Imaging correlates of motor recovery from cerebral infarction and their physiological significance in well-recovered patients
We studied motor representation in well-recovered stroke patients. Eighteen right-handed stroke patients and eleven age-matched control subjects underwent functional Magnetic Resonance Imaging (fMRI) while performing unimanual index finger (abductionadduction) and wrist movements (flexion-extension) using their recovered and non-affected hand. A subset of these patients underwent Transcranial Magnetic Stimulation (TMS) to elicit motor evoked potentials (MEP) in the first dorsal interosseous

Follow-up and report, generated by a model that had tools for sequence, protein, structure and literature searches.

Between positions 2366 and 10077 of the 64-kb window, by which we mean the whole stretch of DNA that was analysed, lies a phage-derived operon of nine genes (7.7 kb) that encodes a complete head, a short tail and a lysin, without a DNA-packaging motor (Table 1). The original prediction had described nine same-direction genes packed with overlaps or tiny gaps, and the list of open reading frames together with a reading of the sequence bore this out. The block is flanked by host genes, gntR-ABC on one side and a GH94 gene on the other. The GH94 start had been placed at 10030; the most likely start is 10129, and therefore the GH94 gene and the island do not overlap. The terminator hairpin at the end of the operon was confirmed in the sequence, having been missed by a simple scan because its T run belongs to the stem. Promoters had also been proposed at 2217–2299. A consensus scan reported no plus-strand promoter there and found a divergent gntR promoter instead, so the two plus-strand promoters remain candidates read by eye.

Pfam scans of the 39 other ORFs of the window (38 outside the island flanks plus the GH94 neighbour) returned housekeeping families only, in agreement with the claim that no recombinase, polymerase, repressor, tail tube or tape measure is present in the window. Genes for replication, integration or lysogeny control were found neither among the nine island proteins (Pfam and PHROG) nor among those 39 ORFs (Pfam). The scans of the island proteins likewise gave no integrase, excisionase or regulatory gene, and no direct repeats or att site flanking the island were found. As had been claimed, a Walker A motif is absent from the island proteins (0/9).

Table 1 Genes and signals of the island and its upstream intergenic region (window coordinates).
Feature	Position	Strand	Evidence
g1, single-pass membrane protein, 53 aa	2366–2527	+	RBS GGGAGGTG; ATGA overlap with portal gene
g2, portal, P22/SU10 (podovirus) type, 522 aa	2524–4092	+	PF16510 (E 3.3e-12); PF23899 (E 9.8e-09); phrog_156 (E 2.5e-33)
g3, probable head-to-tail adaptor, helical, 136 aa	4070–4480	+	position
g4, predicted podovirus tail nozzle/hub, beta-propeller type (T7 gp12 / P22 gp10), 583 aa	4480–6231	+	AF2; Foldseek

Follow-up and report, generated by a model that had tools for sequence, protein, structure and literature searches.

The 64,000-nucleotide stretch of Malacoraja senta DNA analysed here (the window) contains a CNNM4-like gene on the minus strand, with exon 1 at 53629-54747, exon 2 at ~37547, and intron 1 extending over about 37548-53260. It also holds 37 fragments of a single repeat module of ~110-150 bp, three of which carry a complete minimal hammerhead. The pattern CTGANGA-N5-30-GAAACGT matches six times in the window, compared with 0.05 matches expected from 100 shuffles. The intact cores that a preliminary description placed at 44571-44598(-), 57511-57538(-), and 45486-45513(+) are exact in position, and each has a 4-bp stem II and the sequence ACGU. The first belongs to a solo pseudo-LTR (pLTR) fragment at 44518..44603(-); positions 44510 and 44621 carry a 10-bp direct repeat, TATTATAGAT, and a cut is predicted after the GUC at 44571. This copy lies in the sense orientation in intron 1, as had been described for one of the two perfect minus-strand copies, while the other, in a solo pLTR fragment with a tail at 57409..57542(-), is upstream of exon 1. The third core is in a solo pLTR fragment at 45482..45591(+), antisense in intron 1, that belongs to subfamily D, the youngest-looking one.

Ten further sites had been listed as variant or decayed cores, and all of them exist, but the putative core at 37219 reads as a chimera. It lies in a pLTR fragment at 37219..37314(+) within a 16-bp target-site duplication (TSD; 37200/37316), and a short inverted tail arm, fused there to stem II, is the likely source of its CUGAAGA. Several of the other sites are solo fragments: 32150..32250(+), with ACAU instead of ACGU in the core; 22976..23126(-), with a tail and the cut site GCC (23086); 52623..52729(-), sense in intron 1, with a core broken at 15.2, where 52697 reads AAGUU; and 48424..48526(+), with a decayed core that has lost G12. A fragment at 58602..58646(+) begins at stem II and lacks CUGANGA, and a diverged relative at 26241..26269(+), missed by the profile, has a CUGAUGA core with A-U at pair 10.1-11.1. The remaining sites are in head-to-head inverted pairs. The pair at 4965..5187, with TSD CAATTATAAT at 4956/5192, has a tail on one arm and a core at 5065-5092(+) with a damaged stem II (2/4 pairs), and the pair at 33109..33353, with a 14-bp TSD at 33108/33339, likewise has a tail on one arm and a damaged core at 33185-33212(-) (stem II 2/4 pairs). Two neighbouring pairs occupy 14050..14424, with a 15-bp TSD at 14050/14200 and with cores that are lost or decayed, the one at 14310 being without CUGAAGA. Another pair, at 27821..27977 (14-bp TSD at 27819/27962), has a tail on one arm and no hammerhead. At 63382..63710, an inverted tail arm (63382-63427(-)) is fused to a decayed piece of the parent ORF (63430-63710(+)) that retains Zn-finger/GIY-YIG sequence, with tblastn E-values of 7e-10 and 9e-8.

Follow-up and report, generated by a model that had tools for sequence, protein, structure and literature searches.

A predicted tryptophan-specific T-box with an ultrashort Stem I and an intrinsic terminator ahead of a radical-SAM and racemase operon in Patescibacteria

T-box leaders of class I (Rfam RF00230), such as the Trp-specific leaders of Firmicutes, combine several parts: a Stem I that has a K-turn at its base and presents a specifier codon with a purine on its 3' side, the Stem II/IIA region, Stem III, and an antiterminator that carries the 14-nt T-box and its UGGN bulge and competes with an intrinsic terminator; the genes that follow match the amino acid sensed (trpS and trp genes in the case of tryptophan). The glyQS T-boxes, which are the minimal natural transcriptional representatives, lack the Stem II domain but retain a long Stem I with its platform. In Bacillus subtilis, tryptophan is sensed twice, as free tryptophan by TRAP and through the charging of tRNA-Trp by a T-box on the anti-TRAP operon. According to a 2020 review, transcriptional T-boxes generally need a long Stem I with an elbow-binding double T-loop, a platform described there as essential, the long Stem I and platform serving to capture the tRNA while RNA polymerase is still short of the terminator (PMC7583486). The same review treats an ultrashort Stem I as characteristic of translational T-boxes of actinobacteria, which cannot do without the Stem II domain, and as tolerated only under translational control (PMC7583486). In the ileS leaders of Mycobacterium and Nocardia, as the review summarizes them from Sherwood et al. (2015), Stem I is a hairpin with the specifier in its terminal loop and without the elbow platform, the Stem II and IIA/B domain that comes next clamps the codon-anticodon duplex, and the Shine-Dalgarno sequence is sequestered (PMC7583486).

... le of both hands. Imaging results suggest that good recovery utilizes both ipsi-and contralesional resources, although results differ for wrist and index finger movements. Wrist movements of the recovered arm resulted in significantly greater activation of the contralateral (lesional) and ipsilateral (contralesional) primary sensorimotor cortex (SM1), while comparing patients to control subjects performing the same task. In contrast, recovered index finger movements recruited a larger motor network, including the contralateral SM1, Supplementary Motor Area (SMA) and cerebellum when patients were compared to control subjects. TMS of the lesional hemisphere but not of the contralesional hemisphere induced MEPs in the recovered hand. TMS parameters also revealed greater transcallosal inhibition, from the contralesional to the lesional hemisphere than in the reverse direction. Disinhibition of the contralesional hemisphere observed in a subgroup of our patients suggests persistent alterations in intracortical and transcallosal (interhemispheric) interactions, despite complete functional recovery.